Two days in Hanoi

For a long time Hanoi has been on my list of cities to visit. I had actually booked a trip in May 2015 but had to cancel because I wasn’t feeling well. So I gave it another shot. While Ho-Chi-Minh-City is very accessible from Singapore with lots of (cheap) flights, Hanoi is different. Frequencies are less and prices more expensive. This isn’t really surprising when you consider that Singapore is actually closer to HCMC than HCMC to Hanoi. Hanoi is further away from Singapore than Yangon or Bangkok.

So I ended up booking a flight connecting through HCMC which gave me superb views over the city on approach:

Ho-Chi-Minh-City during sunset


The domestic terminal of Vietjet resembles more of a bus station but an airport. I won’t be complaining though, as my flight to Hanoi seems to have been the only on-time flight the entire evening. I landed safely at 10.30pm, quickly found an Uber and was in the hostel by 11.30pm. I had booked a bed in Luxury Backpackers Hanoi, continuing my streak if good and modern hostels in the region.

Somewhat private beds at Luxury Backpackers Hanoi – around 7 SGD per night

The next morning I set out to explore the city. First stop was the Nhà thờ Lớn Hà Nội, or St. Joseph’s Cathedral. From there I walked around Hoan Kiem Lake and then up north into the Old City.

St. Joseph’s Cathedral, built to resemble Notre Dame.


View of Hồ Hoàn Kiếm


Tortoise Tower on a small island in the middle of the Hoan Kiem Lake (Sword Lake)






I then stopped for my n-th Banh Mi, this time at Banh Mi Pho Hue (118 Pho Hue). Although you can get banh mi (baguette) everywhere, apparently this is a true northern style banh mi shop that has been around for 50 years. Indeed a very good Banh Mi.

Banh Mi Pho Hue


Next stop was the Temple of the Jade Mountain (Đen Ngọc Sơn), also located on a small island on Sword Lake. The lovely Welcoming Morning Sunlight Bridge (Cau Thê Húc) leads towards this temple dedicated to Confucian and Taoist philosophers.

Welcoming Morning Sunlight Bridge


Temple of the Jade Mountain


Temple of the Jade Mountain


Entrance to the Temple of the Jade Mountain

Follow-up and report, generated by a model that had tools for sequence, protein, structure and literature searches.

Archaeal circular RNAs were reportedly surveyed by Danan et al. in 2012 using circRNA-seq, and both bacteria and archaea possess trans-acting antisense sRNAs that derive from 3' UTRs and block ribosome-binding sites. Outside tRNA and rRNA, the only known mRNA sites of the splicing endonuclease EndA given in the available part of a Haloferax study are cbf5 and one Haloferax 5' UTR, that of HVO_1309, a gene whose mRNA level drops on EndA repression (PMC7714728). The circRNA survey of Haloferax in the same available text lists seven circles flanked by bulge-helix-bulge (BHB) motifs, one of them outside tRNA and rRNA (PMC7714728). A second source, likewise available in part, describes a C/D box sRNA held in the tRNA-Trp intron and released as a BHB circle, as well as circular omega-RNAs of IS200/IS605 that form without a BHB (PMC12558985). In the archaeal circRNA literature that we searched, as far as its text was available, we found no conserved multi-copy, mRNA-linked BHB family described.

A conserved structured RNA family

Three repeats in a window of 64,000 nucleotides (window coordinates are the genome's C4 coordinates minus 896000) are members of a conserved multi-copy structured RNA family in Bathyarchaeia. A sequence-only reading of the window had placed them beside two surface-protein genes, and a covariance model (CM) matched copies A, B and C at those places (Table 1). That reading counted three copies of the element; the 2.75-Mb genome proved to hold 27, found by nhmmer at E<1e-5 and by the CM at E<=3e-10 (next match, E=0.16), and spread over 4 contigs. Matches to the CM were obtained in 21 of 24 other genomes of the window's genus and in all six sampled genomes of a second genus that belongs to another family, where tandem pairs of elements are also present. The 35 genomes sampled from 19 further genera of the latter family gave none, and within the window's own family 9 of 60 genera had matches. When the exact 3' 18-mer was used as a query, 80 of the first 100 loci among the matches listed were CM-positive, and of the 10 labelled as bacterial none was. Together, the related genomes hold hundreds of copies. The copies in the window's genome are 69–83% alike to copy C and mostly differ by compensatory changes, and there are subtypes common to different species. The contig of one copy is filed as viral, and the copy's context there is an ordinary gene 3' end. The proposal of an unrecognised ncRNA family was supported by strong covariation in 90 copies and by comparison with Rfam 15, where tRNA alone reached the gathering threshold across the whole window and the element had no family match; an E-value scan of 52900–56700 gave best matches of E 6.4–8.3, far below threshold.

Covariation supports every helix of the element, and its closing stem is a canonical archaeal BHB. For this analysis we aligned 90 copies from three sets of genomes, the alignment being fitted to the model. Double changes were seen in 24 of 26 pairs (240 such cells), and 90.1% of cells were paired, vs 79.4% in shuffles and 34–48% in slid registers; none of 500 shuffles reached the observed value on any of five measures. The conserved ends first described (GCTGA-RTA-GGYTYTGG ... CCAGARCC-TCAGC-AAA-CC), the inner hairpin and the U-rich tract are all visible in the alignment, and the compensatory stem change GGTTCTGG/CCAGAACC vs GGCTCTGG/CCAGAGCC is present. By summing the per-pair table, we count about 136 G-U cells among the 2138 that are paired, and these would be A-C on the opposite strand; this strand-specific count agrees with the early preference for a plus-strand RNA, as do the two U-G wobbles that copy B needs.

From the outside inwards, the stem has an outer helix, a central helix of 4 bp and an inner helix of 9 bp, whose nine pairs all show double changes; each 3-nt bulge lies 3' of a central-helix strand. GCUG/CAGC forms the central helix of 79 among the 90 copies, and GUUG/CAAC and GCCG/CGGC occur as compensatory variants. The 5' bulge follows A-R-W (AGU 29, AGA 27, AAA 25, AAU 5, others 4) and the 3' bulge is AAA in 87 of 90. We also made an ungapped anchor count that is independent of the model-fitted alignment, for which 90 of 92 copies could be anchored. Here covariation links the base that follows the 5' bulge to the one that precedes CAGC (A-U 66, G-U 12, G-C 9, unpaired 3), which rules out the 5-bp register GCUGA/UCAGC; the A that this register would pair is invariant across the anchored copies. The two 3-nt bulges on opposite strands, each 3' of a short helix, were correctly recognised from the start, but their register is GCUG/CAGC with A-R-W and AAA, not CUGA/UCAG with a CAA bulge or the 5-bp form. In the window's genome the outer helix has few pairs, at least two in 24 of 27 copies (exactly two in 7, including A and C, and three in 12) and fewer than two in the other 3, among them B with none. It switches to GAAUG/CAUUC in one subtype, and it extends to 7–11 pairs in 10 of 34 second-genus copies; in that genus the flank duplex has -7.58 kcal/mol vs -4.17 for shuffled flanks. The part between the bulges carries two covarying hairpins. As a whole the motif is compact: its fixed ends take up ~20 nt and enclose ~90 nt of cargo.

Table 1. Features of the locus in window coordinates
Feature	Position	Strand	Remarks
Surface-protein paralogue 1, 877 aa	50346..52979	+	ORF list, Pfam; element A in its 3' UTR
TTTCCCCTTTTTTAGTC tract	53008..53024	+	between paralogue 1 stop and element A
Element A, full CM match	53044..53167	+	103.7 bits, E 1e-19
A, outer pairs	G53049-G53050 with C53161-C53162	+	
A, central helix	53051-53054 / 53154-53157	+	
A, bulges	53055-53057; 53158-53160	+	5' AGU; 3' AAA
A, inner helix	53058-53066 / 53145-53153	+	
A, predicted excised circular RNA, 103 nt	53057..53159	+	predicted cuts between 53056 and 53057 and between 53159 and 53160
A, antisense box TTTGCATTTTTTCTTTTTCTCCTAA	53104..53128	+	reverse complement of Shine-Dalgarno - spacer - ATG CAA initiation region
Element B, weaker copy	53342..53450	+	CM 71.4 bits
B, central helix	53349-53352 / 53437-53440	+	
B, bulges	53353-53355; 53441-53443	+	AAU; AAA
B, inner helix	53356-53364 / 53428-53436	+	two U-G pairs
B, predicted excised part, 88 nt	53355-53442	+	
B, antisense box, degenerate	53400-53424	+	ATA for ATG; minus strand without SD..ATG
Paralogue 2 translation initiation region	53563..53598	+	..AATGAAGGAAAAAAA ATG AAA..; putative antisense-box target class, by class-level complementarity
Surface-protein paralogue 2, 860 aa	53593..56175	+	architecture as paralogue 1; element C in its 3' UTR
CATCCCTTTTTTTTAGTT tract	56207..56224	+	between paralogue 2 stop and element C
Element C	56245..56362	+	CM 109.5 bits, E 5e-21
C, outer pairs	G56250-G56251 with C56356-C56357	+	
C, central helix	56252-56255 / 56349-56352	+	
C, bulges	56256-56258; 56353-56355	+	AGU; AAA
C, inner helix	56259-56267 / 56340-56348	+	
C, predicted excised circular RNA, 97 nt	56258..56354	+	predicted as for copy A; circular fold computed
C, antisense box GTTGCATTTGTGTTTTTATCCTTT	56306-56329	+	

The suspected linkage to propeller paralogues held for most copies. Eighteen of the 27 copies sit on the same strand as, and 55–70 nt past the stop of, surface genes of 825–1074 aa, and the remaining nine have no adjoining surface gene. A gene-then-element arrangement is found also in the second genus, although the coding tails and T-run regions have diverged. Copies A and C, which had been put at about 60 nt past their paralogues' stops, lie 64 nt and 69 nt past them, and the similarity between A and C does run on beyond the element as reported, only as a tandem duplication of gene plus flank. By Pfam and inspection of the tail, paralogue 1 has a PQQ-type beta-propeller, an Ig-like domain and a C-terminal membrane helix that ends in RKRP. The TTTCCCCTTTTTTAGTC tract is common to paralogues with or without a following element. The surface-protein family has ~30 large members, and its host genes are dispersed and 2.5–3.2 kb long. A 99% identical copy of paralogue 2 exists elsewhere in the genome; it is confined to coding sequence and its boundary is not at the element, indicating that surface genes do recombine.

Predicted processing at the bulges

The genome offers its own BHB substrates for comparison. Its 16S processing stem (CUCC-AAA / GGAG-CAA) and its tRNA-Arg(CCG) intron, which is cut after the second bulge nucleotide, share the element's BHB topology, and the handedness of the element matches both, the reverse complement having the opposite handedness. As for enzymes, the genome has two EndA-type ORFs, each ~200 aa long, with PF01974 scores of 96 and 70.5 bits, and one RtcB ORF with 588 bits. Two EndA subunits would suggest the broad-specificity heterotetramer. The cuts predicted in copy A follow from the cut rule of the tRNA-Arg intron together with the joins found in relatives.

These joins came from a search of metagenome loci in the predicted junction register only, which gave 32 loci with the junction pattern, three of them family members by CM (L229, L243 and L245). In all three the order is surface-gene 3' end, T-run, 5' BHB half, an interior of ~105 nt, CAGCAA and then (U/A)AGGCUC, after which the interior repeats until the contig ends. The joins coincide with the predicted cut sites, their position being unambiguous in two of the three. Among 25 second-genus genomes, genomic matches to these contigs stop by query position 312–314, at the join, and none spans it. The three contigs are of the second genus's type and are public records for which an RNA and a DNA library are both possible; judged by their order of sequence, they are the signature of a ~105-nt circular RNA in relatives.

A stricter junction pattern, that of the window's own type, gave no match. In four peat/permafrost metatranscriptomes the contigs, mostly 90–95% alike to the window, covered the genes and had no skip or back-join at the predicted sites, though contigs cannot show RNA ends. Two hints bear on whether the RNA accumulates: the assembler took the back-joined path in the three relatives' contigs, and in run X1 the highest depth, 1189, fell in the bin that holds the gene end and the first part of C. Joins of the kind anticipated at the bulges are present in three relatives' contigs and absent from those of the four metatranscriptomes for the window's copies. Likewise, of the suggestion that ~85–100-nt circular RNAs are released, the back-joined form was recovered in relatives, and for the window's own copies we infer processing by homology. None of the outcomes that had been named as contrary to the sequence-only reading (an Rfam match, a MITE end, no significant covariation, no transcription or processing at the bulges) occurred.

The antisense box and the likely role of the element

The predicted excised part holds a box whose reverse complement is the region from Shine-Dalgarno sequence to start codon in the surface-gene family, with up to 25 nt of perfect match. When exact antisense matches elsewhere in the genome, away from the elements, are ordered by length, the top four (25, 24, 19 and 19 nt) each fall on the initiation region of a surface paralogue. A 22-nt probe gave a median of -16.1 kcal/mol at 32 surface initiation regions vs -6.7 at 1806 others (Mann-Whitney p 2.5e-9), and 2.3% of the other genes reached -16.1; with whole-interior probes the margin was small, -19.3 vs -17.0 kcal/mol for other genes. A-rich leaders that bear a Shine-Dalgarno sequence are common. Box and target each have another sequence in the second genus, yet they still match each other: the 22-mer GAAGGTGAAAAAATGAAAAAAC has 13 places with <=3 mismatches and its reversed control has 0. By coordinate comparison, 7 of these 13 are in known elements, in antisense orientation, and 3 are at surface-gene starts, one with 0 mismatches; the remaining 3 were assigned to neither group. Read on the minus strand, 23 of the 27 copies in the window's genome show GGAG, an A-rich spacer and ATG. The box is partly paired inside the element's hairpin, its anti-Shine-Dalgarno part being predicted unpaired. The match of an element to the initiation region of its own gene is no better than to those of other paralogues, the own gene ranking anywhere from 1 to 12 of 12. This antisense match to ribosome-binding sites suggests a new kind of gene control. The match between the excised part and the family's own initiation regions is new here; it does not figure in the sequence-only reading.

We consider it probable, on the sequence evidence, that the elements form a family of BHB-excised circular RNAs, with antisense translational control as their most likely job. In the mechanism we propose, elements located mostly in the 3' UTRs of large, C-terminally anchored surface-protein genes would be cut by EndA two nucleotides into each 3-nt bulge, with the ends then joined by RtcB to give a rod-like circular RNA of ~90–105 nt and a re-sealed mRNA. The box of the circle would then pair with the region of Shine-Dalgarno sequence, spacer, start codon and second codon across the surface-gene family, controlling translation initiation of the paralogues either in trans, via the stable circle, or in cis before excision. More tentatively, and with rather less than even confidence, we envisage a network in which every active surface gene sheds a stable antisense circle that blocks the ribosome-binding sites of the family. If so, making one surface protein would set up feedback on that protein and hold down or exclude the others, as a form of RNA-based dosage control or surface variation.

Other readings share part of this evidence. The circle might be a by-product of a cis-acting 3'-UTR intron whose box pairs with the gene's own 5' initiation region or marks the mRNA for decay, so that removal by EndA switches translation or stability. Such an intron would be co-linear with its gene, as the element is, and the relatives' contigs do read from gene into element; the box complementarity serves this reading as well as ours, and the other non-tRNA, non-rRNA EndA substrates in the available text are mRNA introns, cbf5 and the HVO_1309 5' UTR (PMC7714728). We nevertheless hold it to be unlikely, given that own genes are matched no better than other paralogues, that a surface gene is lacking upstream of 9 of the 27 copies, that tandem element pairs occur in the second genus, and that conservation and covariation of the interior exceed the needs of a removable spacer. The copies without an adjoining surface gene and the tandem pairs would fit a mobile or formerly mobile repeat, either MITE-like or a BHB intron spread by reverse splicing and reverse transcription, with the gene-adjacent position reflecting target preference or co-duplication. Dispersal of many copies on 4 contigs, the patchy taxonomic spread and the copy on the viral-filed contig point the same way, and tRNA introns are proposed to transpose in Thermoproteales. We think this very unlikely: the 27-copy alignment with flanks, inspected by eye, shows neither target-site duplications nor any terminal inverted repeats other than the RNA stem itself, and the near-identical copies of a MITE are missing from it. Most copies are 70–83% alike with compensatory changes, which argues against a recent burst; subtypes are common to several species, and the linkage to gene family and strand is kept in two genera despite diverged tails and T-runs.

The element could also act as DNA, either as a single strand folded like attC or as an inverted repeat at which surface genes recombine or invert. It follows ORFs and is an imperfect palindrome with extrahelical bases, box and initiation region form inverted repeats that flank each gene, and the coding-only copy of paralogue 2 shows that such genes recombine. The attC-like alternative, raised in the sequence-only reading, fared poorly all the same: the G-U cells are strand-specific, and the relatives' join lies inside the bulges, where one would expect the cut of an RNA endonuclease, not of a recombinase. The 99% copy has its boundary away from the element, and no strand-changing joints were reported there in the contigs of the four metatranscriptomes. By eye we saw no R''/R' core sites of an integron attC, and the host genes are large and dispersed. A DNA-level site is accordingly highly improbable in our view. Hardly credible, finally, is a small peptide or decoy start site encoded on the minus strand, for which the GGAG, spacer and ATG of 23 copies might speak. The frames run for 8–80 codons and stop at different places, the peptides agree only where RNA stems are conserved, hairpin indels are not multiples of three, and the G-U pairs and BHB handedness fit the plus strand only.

Short break for some very good Vietnamese coffee


Next on my list was the Hỏa Lò Prison, originally a French prison during colonial times. It was later converted into a prison for American pilots that were shot down during the Vietnam War. Slightly heavy on the propaganda and obviously not an unbiased narrative (prison was horrible during colonial times but more of a Hilton during the Vietnam War) but nevertheless very impressive.

Inside Hỏa Lò Prison


Hỏa Lò Prison – guillotine from French colonial times


Back to the Old City to see the Bach Ma Temple, one of the oldest in town.

Inside Bach Ma Temple


And around the corner is the Hanoi Ancient House, a well restored century old home. Not a whole lot to see but worth the 10’000 VND or so entrance fee.

Hanoi Ancient House


Street in the old town

That concluded the sightseeing for me for the day. I didn’t bring my laptop and needed to do some work on the computer. Unfortunately finding an internet cafe is nearly impossible nowadays. Finally I found one through Google Maps. Getting there took me 45mins by taxi. It turned out to be a cafe focused on computer games but at least the connection was fast. Next time I’ll bring my laptop. 

By the time I was back near my hostel, it had gotten a bit chilly so I warmed myself up with a noddle soup.

Tasty noodle soup in Hanoi

The next day I first headed out to the Ho Chi Minh Museum. 

Ho Chi Minh Museum


Parts of it are well done and I learned quite a bit about Ho Chi Minh’s younger days in Europe and Asia. Other sections were less interesting to me as they either featured dozens of photos of Vietnamese and French politicians shaking hands to show how good friends they are or some very extravagant art pieces.

The grounds are huge and include the mausoleum as well as some gardens. I was wearing shorts so couldn’t enter the mausoleum but knew that in advance and didn’t fancy queuing anyways.

Temple next to the museum


I could however walk past the mausoleum:

Ho Chi Minh Mausoleum


Right next to the mausoleum is the former French governor of Indochina’s residence which was later converted to a presidential palace.

Presidential palace


Pond next to the presidential palace


A short walk from the palace is a large Lenin statue, another trace of the country’s socialist attitude.

Lenin statue


Across the street is the flag tower of Hanoi:

Cột cờ Hà Nội


As well as the Vietnam Military History Museum in which I was very interested in. Unfortunately they closed for a 90mins lunch break (which museum does that?) 20mins after I got there, so I didn’t really make it to the more recent exhibitions unfortunately.

Outside area of the Vietnam Military History Museum

I had lunch near the train station and opted for a street vendor with a long queue selling Banh Mi. I wasn’t disappointed. The 10’000 VND (0.60 SGD) got me a very tasty sandwhich.

Banh Mi vendor


Hanoi train station


And a coffee break next door


I hadn’t seen any markets yet, so took a motorbike to Dong Xuan Market in the Old Town. Wow! I’ve never seen so many clothes in one place before:

Inside Dong Xuan Market


Some delivery vehicles were struggling inside Hanoi’s narrow streets.

Near Dong Xuan Market


It started to get dark by the time I was through the market. I stopped for a beer at the popular Beer Street and then returned to the hostel. I had a 1.30am flight to catch hence had plenty of time. So I gave the airport express bus (# 86) a shot. It leaves every 20-30mins from the train station and then has a few more stops along town. It got me to the airport within about 40mins and cost 40’000 VND. The airport is very modern and I spent the last few hours there, waiting for my flight to Manila.




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